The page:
my children’s stories

Thursday, May 30, 2013

When you adopt children, people who have been there will tell you that you love them no less than you love the children that are born from your own womb. That is true. There is no limit to the love I have for my younger two children and my older two children. They are part of my heart and soul, all the same.

What people neglect to mention when they say those things is that you might not love the children who joined your family through adoption less, but you love them differently. The parenting experience is most definitely not the same. This was never more evident to me than this past week as I walked behind my youngest son and his older sister (the one who doesn’t live with us) at our play-date/visit. I watched them and thought about the strangeness of parenting my littles. I love them more than life itself, but it is different than my big kids.

IMG_1092There is no part of my big kids’ story so far that I do not have a piece of. That will change the older they get, I know, but right now, I know nearly every bit of their stories. That’s not true for my youngest two. There are pieces of their stories that I don’t have any part of and never will. That is the strangest feeling. It’s not something I ever experienced with my older two, this feeling of other-ness. There are things my littles will share with each other, with their sister that I will never understand, never know. That thing I feel with my big kids, that intangible thing where I actually have ownership in a big piece of their stories because we lived it together - I don’t have that with the other two. And it feels odd.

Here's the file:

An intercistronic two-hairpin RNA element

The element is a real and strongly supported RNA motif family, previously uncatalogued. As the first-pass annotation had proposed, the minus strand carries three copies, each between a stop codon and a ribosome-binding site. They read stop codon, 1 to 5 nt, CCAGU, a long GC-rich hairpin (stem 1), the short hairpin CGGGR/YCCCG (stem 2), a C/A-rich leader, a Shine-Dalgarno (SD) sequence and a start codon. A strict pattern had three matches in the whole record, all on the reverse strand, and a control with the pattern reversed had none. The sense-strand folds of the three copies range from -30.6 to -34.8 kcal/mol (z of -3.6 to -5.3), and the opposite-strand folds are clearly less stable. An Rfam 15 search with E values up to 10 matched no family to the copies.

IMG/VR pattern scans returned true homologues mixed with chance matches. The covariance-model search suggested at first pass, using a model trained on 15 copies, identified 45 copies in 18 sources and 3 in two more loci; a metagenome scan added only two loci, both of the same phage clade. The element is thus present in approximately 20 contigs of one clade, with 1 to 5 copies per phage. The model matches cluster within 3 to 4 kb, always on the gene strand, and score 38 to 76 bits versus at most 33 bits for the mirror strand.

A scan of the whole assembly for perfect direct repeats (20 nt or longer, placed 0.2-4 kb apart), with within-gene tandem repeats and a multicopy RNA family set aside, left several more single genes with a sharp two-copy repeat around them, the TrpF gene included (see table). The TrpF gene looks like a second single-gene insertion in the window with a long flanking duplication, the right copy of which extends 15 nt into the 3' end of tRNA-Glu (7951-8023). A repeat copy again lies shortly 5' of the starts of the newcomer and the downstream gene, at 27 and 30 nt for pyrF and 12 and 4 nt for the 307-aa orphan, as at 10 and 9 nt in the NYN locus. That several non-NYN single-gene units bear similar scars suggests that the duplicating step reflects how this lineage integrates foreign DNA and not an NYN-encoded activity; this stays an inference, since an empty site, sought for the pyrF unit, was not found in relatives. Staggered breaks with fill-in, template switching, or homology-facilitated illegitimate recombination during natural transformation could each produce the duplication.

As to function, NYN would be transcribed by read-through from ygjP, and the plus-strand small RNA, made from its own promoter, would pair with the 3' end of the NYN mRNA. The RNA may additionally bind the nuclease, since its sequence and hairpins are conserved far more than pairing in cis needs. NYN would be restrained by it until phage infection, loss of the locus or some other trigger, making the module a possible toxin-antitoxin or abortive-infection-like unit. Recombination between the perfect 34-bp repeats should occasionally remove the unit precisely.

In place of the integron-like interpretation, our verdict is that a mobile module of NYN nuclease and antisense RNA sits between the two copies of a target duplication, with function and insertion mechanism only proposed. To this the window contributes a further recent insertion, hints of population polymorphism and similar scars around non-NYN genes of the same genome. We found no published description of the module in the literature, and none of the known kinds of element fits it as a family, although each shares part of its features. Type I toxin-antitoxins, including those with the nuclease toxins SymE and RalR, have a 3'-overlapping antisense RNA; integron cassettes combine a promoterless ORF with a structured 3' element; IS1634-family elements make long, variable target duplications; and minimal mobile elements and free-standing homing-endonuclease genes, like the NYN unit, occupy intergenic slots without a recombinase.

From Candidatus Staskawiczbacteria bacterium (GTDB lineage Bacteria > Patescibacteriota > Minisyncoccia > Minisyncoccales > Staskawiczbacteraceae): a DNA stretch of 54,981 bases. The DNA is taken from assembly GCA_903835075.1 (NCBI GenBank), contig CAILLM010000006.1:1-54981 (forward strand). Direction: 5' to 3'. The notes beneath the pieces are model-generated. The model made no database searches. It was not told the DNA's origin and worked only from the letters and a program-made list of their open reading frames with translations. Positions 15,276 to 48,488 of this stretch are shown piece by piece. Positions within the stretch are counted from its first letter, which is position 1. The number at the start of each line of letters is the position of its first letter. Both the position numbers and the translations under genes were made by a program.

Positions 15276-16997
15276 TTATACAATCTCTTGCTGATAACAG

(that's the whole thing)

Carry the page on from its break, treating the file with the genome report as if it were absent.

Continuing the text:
I know a lot of what I’m describing here is grief. It grieves me that I don’t know every part of my youngest son’s story. I grieve that I missed his first smile, his first tooth, his first steps. I grieve that I don’t know what his baby cry sounded like, that I couldn’t be there to comfort him when he felt sad. I grieve all those pain-filled moments that I couldn’t be there for, that I couldn’t stop. I missed two and a half years of his life. Two and a half YEARS. I can’t even imagine missing two and a half weeks of my big kids’ lives. I missed only four months with my littlest, but some days, days when we fight what those months did to her little brain, four months seems like an eternity.

There’s this selfish part of me that feels left out. Even a bit angry that I didn’t get to experience all of life with my littles. There’s a bigger part of me that is grateful for this gift. It’s easy to deceive myself with my big kids. I think they’re mine. I think their stories are mine. Adoption has given me a constant reminder that all of that is an illusion. I don’t own my kids. I don’t own their stories. I’m not in control of what happens in their lives. Both the missing pieces of my littles’ stories and the every known detail of my big kids’ stories remind me to lay it all down at the feet of the One who holds both their pasts and their futures in His hands.

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